Musical Embodiment and Perception: Performances, Avatars and Audiences

William Westney, Cynthia M Grund, Michael O'Boyle, James Yang

Research output: Contribution to journalArticlepeer-review


An experiment was conducted in which four pianists prepared and memorized (independently) the same two brief classical selections, one by Grieg and one by Hummel. They reported individually to a motion-capture laboratory (passive optical camera system), where 46 reflective markers were affixed to the landmarks of their bodies so that three-dimensional location profile recordings could be created. At that time they were asked to perform each of the two pieces in two different performance modes: “enjoyment” and “correct.” These two terms had not been mentioned to them until that moment. The resulting motion-capture data was analyzed to see if these two different modes, or mindsets, would engender distinct and comprehensive neuromuscular responses in the players. Such differences in responses were indeed observed. In a follow-up study, eight individuals (four trained musicians, four non-musicians) were placed in an fMRI scanner so that their brains could be monitored while they viewed th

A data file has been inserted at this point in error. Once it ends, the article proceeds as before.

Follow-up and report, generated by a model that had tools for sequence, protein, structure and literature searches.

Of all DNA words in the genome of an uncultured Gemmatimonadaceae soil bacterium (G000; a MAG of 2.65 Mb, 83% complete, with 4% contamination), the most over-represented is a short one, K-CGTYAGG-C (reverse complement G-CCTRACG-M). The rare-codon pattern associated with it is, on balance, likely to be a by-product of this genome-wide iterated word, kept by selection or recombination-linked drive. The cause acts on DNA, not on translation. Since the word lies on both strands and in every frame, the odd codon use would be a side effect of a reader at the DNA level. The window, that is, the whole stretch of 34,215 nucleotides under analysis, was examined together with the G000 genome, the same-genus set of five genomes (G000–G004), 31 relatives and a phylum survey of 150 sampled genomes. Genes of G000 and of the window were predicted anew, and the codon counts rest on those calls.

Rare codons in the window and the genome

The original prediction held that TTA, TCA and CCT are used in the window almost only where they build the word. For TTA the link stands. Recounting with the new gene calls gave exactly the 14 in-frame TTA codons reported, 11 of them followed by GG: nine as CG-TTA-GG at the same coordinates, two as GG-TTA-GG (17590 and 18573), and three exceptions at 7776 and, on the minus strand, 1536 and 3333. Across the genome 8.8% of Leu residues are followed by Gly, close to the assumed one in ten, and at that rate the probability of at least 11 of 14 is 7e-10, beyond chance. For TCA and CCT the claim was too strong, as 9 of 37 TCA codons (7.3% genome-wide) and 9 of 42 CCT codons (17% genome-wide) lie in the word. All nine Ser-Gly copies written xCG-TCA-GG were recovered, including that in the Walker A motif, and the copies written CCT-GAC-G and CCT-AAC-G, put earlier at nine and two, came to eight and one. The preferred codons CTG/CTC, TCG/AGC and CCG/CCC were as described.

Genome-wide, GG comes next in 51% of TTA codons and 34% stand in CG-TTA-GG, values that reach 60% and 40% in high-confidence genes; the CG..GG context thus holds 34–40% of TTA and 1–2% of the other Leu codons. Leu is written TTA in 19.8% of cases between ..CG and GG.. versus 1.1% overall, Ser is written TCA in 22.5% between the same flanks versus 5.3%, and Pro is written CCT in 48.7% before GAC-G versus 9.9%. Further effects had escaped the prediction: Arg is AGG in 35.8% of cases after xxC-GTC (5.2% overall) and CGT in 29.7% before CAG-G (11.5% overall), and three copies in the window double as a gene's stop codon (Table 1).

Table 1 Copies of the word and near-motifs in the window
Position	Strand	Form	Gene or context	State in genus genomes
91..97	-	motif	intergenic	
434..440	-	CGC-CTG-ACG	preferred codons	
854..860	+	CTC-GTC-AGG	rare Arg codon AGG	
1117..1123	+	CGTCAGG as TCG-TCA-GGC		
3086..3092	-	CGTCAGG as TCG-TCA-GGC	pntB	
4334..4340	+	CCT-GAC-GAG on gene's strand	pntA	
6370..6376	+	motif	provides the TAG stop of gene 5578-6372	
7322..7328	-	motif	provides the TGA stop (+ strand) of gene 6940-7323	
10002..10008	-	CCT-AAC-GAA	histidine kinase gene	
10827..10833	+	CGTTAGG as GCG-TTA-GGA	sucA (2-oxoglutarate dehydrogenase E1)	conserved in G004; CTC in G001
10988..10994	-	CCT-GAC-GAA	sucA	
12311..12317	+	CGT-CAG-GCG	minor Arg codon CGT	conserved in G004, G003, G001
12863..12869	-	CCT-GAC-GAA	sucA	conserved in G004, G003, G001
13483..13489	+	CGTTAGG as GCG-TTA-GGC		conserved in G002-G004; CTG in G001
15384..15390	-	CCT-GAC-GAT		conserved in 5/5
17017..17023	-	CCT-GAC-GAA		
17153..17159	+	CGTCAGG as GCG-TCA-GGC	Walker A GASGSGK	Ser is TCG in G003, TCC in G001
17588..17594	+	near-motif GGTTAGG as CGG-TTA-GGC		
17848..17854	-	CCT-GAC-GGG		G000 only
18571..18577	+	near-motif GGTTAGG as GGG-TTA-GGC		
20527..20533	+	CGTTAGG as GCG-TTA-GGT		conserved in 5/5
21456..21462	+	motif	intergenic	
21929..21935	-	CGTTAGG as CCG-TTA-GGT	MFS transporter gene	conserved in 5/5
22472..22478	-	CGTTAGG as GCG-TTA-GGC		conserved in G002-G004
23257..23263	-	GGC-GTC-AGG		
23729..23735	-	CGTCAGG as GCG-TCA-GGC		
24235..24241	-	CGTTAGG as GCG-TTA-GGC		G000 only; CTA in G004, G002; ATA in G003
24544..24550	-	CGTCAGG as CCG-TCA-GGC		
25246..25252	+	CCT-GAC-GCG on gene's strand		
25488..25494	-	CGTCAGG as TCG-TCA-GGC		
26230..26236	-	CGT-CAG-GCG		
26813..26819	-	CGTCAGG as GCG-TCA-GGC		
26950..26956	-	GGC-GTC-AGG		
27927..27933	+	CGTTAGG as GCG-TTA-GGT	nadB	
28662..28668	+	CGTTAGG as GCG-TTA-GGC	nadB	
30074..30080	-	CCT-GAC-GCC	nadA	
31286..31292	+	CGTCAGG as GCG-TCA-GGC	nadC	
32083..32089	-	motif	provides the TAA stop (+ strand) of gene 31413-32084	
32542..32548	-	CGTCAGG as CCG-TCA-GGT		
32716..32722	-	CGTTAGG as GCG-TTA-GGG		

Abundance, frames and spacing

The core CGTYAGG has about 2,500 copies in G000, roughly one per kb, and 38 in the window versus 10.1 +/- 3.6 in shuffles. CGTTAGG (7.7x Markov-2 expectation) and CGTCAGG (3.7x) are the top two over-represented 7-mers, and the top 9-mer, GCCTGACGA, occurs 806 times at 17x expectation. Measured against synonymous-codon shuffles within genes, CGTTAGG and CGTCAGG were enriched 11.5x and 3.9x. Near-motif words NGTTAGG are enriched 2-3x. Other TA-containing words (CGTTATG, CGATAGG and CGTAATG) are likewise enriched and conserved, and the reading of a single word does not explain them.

Original languageEnglish
Pages (from-to)353-381
JournalSIGNATA. Annales des Sémiotique /Annals of Semiotics
StatePublished - Nov 2015


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